Andrew: -and noticed that the manufacturer produces deck chairs. Interested in a set of four for his house, the man called the manufacturer and spoke with the salesperson. The parties orally agreed that the man would purchase four standard chairs for $600.
Thomas: Hmm, nice chairs.
Andrew: The man said he might be able to come pick them up, and the salesperson replied that they would (quote) “make the necessary arrangements with a shipping company.” (End of quote).
Andrew: Nothing else regarding delivery was mentioned. The manufacturer immediately began work on the chairs. The next day, the man found different chairs that he liked better from another source.
Thomas: Ooh. Jeez!
Andrew: He sent an email to the manufacturer, stating the following: (quote) “I am no longer interested in purchasing the four chairs from you that we agreed upon yesterday. I am sorry for the inconvenience.” (End of quote).
Andrew: He signed his name at the bottom of the email. While the manufacturer saw that he had an email from the man, the email was not opened before the chairs were completed.
Thomas: Huh. Oh man.
Andrew: The manufacturer arranged with a local shipping company to have the chairs shipped to the man’s billing address, delivered the chairs to the shipping company, and sent the man a new email stating that the chairs were on the way. The email from the man was then read, but it was too late as the chairs had already been shipped.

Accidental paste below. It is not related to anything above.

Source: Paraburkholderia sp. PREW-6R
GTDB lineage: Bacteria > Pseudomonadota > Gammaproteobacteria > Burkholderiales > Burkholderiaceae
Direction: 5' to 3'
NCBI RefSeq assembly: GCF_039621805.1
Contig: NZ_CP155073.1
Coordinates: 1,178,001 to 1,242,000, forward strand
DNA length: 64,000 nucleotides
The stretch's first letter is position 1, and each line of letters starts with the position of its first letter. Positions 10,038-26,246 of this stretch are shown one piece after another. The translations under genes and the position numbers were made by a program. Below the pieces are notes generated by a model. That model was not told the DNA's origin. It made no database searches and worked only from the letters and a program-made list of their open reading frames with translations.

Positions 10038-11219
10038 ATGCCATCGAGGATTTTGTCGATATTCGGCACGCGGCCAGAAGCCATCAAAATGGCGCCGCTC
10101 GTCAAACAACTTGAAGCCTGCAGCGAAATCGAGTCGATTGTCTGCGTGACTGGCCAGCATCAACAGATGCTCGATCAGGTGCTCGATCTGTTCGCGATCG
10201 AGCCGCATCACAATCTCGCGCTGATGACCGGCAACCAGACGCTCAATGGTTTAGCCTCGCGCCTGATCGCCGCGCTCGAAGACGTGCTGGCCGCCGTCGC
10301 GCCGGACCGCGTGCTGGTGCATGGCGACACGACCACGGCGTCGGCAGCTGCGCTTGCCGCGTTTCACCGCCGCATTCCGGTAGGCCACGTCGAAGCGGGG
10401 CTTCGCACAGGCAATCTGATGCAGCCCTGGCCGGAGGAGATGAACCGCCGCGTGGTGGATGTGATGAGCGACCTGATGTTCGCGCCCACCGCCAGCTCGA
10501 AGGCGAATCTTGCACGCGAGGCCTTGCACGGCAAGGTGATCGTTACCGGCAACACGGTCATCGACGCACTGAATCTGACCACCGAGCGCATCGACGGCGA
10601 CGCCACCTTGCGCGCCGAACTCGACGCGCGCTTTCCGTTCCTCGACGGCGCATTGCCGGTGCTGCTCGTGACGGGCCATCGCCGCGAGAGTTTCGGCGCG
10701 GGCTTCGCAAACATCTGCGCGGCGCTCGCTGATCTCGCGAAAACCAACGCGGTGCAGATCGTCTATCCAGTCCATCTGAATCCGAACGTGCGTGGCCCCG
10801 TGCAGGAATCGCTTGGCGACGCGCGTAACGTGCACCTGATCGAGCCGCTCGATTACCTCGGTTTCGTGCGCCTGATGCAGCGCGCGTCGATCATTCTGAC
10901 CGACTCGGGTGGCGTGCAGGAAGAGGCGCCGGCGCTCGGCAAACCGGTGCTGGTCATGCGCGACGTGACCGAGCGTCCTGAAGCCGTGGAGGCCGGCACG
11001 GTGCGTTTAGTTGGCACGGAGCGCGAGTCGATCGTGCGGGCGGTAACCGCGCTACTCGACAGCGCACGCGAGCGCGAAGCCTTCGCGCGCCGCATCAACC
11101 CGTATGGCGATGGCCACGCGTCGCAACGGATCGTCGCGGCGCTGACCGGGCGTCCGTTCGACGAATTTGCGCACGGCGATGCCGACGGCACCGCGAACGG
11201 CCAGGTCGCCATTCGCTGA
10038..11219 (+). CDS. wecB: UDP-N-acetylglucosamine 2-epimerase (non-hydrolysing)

Thomas: Ah jeez.
Thomas: Oh, dif-
Andrew: – the chairs were damaged-
Thomas: Boy, this nice deck chair transaction took a turn!
Thomas: There’s just one thing after the other.
Andrew: When they were delivered to the man, he refused to pay for them. The manufacturer brought a claim for breach of contract.
Thomas: Oh man!
Andrew: Who is likely to prevail?
Thomas: Well I’m gonna be mad if the only thing that matters is the last sentence, you know? ‘Cuz they were damaged or something, and they made us read that five paragraph short story before this?
Thomas: But, okay, let’s see.
Andrew: [Laughs] Well that will be one of the options, Thomas.
Andrew: So A) The manufacturer, because the manufacturer relied on the man’s promise to buy the chairs.
Andrew: B) The manufacturer, because the risk of loss had shifted to the man; C) The man, because there is no enforceable contract.
Andrew: Or D) The man, because the chairs were damaged in transit.